But this lack of an outline really bites King in the ass over the course of a 7 volume fantasy series. The best long-form works of fantasy are works of nigh-obsessive attention to detail, from the totemic Lord of the Rings on down. And while I don't think it's necessary to create an entire freaking language to play in the long-form fantasy sandbox, I do think that when you're dealing in a multi-volume epic there has to be some sort of long term plan. Otherwise, instead of looking at 800 pages of setup and 200 fizzle, you're looking at 4-5 solid books followed by an epic 2 book long bellyflop into a pool of cement.

The problem is even more exacerbated by the epic length of the Dark Tower. The flaws start to pile up around the halfway point, in book 4, when King steers off of the main plot to give us an extended flashback Roland's youth.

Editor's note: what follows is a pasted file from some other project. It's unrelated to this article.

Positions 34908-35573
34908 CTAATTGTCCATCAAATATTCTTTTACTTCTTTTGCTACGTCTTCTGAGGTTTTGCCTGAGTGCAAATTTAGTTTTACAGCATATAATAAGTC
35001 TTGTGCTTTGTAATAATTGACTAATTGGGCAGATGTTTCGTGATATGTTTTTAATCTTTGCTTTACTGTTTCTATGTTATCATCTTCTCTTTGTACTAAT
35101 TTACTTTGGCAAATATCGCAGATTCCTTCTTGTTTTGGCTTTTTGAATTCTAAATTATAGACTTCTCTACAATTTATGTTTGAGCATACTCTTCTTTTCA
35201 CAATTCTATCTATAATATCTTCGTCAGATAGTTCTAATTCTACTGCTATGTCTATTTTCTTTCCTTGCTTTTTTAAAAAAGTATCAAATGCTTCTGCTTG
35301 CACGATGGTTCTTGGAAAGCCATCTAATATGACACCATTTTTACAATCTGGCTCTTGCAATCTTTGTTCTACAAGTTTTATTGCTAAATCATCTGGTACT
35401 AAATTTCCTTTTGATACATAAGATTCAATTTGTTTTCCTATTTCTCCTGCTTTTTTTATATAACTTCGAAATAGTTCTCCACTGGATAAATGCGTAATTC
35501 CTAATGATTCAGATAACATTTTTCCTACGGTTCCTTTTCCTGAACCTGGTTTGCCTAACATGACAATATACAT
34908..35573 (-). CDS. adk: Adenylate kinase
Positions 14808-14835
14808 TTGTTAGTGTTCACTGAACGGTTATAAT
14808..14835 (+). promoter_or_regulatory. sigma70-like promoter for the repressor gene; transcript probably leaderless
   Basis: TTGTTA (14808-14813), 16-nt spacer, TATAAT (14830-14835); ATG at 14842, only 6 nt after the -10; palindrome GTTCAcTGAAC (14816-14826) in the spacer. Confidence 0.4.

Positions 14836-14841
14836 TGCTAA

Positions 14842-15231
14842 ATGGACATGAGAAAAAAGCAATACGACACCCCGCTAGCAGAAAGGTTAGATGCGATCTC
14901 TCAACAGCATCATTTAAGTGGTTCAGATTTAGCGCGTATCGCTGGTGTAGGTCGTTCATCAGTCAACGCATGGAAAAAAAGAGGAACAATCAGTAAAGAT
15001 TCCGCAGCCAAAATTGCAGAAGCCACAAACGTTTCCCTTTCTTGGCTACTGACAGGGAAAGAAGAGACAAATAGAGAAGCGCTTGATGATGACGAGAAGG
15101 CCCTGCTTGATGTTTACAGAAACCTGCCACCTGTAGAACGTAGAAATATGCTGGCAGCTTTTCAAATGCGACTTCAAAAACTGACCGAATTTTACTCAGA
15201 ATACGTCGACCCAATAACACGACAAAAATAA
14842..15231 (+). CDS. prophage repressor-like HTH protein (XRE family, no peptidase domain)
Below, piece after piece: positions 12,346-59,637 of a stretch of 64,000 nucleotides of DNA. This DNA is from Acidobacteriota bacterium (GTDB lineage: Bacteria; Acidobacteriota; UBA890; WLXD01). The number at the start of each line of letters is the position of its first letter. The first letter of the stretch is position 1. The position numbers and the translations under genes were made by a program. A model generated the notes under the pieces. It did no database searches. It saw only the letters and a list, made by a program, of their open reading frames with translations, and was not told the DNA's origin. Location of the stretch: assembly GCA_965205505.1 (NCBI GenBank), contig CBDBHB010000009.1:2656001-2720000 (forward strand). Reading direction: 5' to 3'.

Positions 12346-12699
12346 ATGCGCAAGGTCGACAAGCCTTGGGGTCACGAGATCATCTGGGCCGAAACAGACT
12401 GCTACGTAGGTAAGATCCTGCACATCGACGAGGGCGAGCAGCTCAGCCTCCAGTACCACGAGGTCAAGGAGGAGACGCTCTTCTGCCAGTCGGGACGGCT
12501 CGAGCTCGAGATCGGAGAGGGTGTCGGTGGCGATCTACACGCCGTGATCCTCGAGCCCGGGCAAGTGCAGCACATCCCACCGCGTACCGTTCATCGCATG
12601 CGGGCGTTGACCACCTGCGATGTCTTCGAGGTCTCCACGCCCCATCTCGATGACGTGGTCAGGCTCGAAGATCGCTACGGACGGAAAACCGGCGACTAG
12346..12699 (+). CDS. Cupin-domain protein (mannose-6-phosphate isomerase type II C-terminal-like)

After the high-suspense jolt of the lobstrosity threat that shapes Book 2's narrative drive and the hell-in-a-handbasket ride through the diseased city of Lud in Book 3 (which similarly serves as the suspenseful fulcrum of The Wastelands), King presents a long, unwinding tale of Roland's past that is too bloated by half. Alain and Cuthbert remain shapeless archetypes, even while Roland's character is deepened through his experiences with Susan. The villains are cardboard cutouts; mean and stupid men with tattoos of coffins, a far cry from the seductive and insane Blaine, the mad beating heart of the dystopian city of Lud. Against such colorless villains and allies, the slow pace and texture of the story brings the momentum of the overall series to a halt. It's one of King's patented left turns off the main road, and though as a standalone volume it has plenty to offer, it's location in the middle of the 7-volume epic is really the point at which King's tendency to build and build and build some more when he should start the process of wrapping up starts to rear its ugly head.